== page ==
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Why does everyone complain about writing a C.V.?  It’s just a piece of paper about stuff that you’ve done. How hard can it be?  Definitely won’t take more than half an hour…

These were genuinely the thoughts that crossed my mind when I came to writing my first proper C.V., and by proper I mean not taking up space by explaining why I decided to take GCSE textiles!

I presumed that with a degree under my belt, some work experience and a bit of life lived, writing a C.V. would be simple. I’m an interesting person. I’ve worked really hard. I’ve done some cool stuff. It’ll be a walk in the park.

Well, as you will know and I naïvely underestimated, it was not.

Sitting in my room on a Sunday evening willing words to come that would be succinct and sincere. But all I could manage was either an inventory of my life or what sounded like my application to be the next apprentice! How do you write quietly confident!?

After battling through a day of re-writes and excessive use of thesaurus I managed to produce something that didn’t make me wince and sent it off, sure that the replies would come rolling in.

They didn’t.

As my need to find a full-time job draws ever closer, the thought of waiting in earnest for an email response that may never come fills me with dread.  I’m asking Alice and Phanella what exactly do employers, both creative and corporate, look for in a C.V. and how can we get better at writing them?

 Alice & Phanella’s CV Tips

1. The 30 second rule

Recruiters and employers will spend, as a rule, just 30 seconds looking at each CV. Ditto an interviewer who is most likely to peruse your CV as they head down to meet you in the lift. So the most important thing your CV needs to be is short. Stick to 2 MAX. If you can get the message across in less, so much the better.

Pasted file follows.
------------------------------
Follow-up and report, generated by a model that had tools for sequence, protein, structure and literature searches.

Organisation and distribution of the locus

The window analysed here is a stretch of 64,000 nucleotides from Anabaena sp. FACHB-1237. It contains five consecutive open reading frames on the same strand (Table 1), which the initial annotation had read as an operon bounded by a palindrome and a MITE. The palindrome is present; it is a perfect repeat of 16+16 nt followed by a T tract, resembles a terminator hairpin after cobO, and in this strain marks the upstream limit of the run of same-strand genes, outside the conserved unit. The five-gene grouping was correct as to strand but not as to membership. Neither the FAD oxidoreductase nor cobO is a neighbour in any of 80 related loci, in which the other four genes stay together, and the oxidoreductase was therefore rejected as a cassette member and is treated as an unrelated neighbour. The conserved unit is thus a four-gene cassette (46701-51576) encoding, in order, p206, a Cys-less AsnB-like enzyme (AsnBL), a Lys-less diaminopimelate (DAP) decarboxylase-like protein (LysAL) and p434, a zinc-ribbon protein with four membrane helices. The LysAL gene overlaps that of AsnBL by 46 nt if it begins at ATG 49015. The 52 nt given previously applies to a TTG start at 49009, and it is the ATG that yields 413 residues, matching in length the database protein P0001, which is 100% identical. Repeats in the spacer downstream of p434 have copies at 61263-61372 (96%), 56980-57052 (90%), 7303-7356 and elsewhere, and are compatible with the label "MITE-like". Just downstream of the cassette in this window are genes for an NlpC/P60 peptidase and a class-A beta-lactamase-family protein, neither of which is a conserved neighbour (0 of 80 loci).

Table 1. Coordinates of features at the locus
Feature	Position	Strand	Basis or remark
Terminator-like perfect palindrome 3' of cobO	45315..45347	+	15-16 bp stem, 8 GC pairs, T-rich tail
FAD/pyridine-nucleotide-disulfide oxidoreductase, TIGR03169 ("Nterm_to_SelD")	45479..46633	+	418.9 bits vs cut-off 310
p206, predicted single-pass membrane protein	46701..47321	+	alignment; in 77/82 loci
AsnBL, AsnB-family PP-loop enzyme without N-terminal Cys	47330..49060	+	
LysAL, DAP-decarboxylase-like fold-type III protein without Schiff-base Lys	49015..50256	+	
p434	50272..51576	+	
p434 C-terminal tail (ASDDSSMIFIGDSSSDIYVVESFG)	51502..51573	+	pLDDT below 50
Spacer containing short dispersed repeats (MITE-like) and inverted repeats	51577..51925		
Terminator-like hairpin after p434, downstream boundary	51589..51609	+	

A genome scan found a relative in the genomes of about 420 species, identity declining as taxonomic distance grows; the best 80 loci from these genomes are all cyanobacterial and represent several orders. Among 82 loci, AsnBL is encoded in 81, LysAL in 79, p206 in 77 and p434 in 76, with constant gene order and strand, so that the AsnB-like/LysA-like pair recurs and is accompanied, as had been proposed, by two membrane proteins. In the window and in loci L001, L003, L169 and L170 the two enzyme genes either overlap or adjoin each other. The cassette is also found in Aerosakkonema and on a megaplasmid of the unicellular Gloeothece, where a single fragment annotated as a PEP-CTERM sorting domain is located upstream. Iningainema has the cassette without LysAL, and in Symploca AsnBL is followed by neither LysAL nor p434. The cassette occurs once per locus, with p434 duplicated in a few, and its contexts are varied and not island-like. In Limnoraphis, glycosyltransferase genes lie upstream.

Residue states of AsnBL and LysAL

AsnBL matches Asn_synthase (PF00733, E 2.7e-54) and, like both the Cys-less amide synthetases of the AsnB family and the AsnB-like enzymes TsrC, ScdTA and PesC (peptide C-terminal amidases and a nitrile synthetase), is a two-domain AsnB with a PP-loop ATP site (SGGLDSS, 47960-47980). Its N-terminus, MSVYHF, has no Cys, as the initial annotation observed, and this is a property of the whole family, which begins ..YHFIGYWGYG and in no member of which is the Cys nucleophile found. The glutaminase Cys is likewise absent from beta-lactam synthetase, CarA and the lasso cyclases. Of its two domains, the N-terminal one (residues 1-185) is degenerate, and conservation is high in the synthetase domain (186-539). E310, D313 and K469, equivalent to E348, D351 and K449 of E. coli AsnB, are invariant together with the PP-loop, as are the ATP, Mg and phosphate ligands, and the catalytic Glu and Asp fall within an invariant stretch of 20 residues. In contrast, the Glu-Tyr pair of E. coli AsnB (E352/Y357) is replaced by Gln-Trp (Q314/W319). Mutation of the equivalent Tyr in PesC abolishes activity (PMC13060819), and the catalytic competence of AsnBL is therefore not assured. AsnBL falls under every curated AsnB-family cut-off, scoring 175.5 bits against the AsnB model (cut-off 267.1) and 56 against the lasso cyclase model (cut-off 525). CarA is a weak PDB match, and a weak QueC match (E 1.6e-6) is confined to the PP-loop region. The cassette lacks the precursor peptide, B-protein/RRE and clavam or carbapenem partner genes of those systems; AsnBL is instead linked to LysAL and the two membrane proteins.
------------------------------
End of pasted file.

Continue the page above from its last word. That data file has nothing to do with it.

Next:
2. Focus your message

In the 30 seconds it’s being read, how can you make sure your CV stands out from the crowd? Answer: focus. Start with a punchy but on message summary at the top. Follow with content that specifically addresses the key skills and attributes the employer is looking for. How do YOU meet their needs? Yes you might have to rewrite your CV for different roles. But the improved uptake means the extra time spent will be well worth it.

3. Be specific

Evidence is your watchword. For each skill or attribute you showcase, give an example (from work or life). Better yet, make it measurable – naming amounts you’ve sold or recognition you’ve received. So many women we coach find it hard to hit the right note. If you’re similarly struggling to self-promote, try using the evidence from someone else, for example a supervisor’s report or annual review.

4. Show your personality

Yes, CVs need to be factual but they need to showcase who you are too. Think of them it like your shop window. You need to entice people in to want to find out more, aka invite you to interview. So alongside your killer message include a flavour of what you’re like. A couple of interests for example – 20th century feminist poetry is so much better than just books.

5. Perfectionist

This is the one – and probably only – time we’re ever going to advocate perfectionism. The volume of CVs employers receive means you don’t want to give them any excuse to send yours to the discard pile. Check for typos and then check again. Then send to close friends or family for a second opinion. Ditto formatting and style.

Once you’ve checked, it’s ready to send. Good luck!

x Alice & Phanella x

What’s your top CV tip?

And what career dilemmas would you like answered. Comment below and we promise to reply to each every one.


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